In January, Saudi Arabia maintained stable inflation at 1.6 percent, holding steady from December 2023, as reported by the General Authority of Statistics.

The primary driver of the inflation rate was the cost of rent, given their significant weight of 21 percent in the Saudi consumer basket.

Nevertheless, according to data from Trading Economics, the Kingdom ranked the second-lowest among G20 countries in terms of inflation, following Switzerland, which recorded a rate of 1.3 percent.

Looking ahead, Fitch Ratings anticipates that the cost of funding will continue to be sensitive to shifts in the Fed rate. However, the agency expects the average net interest margin, a crucial measure of banks’ core profitability, to stay at approximately 3 percent.

Fitch also projects a 10 percent growth in deposits for 2024, driven primarily by term accounts. The proportion of demand deposits will likely decrease, falling below 50 percent of total deposits.

The agency’s predicted Saudi banking sector financing growth stood at 10 percent in 2024, well above the Gulf Cooperation Council average of 5 percent but down from an estimated 12 percent in 2023 and 14 percent in 2022.


RSG partners with Amazon Payment Services to introduce online transactions

RSG partners with Amazon Payment Services to introduce online transactions
Updated 36 min 38 sec ago
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RSG partners with Amazon Payment Services to introduce online transactions

RSG partners with Amazon Payment Services to introduce online transactions

RIYADH: Saudi tourist destinations, The Red Sea and AMAALA, will soon offer online transaction options through a recent partnership with Amazon Payment Services. 

Initiated by its developer Red Sea Global, the deal aims to provide a comprehensive suite of payment solutions tailored to meet the needs of RSG’s customers, according to a statement. 

This aligns with RSG’s vision of providing exceptional experiences for its travelers, as stated by Ahmed Ali Al-Sohaily, group head of technology at RSG. 

He said: “By collaborating with Amazon Payment Services, its best-in-class technology ensures convenient, secure, and efficient payment processes for our guests.”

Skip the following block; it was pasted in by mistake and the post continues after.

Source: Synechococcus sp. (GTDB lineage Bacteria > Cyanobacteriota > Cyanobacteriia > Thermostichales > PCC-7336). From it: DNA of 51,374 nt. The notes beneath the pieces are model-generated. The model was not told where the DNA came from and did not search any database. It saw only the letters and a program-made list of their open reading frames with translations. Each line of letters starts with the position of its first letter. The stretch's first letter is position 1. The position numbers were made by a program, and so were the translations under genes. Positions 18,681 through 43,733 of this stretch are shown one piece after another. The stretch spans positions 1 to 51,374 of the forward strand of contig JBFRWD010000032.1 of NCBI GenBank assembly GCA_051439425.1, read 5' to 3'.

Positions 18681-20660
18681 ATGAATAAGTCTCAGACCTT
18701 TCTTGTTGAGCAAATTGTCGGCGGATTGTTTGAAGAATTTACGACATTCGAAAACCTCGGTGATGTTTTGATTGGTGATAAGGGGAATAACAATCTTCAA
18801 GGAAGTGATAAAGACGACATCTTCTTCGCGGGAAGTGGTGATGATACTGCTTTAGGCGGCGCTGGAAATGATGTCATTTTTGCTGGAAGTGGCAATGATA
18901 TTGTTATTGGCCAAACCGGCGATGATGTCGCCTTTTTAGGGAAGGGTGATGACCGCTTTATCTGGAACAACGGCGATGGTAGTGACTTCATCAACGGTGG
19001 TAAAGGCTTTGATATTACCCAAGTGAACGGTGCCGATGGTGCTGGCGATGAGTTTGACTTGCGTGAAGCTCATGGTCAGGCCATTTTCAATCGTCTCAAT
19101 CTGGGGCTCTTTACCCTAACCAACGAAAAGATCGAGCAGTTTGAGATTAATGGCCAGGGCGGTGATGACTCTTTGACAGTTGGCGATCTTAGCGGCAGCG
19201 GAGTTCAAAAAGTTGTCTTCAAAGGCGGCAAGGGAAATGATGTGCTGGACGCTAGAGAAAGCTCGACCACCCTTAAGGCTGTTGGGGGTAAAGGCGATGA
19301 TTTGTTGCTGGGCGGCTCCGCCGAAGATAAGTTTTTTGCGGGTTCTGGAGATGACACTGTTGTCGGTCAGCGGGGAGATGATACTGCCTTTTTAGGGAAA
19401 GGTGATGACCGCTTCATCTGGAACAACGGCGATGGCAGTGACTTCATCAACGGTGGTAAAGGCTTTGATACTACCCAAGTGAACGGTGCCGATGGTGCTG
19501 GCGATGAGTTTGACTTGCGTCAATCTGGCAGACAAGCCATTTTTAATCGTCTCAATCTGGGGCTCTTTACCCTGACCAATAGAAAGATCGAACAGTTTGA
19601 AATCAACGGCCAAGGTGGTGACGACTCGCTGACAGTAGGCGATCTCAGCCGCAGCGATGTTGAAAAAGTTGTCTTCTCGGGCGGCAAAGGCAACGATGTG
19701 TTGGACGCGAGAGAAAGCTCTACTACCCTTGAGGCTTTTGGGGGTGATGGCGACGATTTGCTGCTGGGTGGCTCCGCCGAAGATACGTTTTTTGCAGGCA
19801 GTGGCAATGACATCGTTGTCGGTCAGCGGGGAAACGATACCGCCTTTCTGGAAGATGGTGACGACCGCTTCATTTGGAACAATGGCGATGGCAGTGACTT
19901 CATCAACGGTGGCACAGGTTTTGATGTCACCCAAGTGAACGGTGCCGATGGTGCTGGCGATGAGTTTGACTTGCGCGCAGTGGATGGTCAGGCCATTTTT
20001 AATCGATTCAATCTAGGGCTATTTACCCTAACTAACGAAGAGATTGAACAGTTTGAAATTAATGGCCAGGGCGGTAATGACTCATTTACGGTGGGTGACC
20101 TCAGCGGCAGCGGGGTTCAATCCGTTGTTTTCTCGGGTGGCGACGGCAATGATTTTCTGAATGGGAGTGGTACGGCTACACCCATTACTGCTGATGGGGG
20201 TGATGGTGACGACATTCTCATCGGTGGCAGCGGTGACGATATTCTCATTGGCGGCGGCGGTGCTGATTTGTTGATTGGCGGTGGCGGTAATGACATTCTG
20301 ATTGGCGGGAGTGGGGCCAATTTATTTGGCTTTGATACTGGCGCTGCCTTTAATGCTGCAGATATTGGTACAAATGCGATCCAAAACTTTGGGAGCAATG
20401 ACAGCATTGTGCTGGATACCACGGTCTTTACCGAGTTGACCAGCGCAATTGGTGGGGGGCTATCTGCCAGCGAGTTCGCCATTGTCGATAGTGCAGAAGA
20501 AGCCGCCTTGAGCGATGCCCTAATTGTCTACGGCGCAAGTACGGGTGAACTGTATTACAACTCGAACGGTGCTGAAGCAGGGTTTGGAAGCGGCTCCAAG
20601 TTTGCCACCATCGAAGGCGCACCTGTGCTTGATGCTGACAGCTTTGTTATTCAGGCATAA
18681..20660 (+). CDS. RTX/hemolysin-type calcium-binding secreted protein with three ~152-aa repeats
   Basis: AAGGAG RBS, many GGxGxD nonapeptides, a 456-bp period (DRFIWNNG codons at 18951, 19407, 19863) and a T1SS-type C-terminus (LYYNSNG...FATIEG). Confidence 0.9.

RSG said it seeks to collaborate with partners who share similar values in making a positive impact on both people and the planet. Currently, more than 90 percent of Amazon Payment Services’ electricity comes from renewables, with a goal to reach 100 percent by 2025, the release added. 

“We are excited to support Red Sea Global and its customers through this new partnership that allows us to enhance the payment experience for luxury travelers through our innovative and tailor-made payment solutions,” said Peter George, managing director at Amazon Payments Services.


Australia’s University of Wollongong joins top global institutes in Riyadh expansion 

Australia’s University of Wollongong joins top global institutes in Riyadh expansion 
Updated 3 min 21 sec ago
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Australia’s University of Wollongong joins top global institutes in Riyadh expansion 

Australia’s University of Wollongong joins top global institutes in Riyadh expansion 

RIYADH: Saudi students will gain increased access to high-quality higher education as reputable institutes, including Australia’s University of Wollongong, secure licenses for branches within the Kingdom. 

The Saudi Ministry of Education and its investment counterpart announced the issuance of an approval to the Australian public research university during the recently concluded Human Capability Initiative Conference in Riyadh, the Saudi Press Agency reported.  

This move is a part of the preparations to establish its branch in the Kingdom, in collaboration with the Digital Knowledge Co., to provide innovative, globally recognized education for international and local students across various higher schooling levels. 

The collaboration with Digital Knowledge Co., known for its high-quality expertise in schooling and training, aligns with Saudi Vision 2030, aiming to attract foreign university branches and increase private sector involvement in higher education by 2030. 

The University of Wollongong holds the 14th position among the best modern universities worldwide, ranking in the top 1 percent of institutes according to the 2024 QS World Index. 

The SPA report added that, during the same event, the two ministries also signed a memorandum of understanding with Arizona State University and Cintana Education to establish a new institute and an affiliated school in Riyadh. 

The MoU with ASU and Cintana Education outlines the framework for these institutions, emphasizing high-quality education, research, and innovative programs to contribute to economic success and influence future generations in the Kingdom. 

The tailored programs aim to meet the increasing demand for international education in Riyadh, aligning with the priorities of Saudi Vision 2030. This includes specializations in science, technology, engineering, and mathematics, as well as economics, along with the training of educational staff. 

SPA added that the launch is scheduled after the completion of the required studies by the signing parties of the MoU. 

In 2005, ASU had 20 undergraduate and four graduate students from Saudi Arabia. By 2017, these numbers surged to 682 undergraduate and 103 graduate students, according to its website.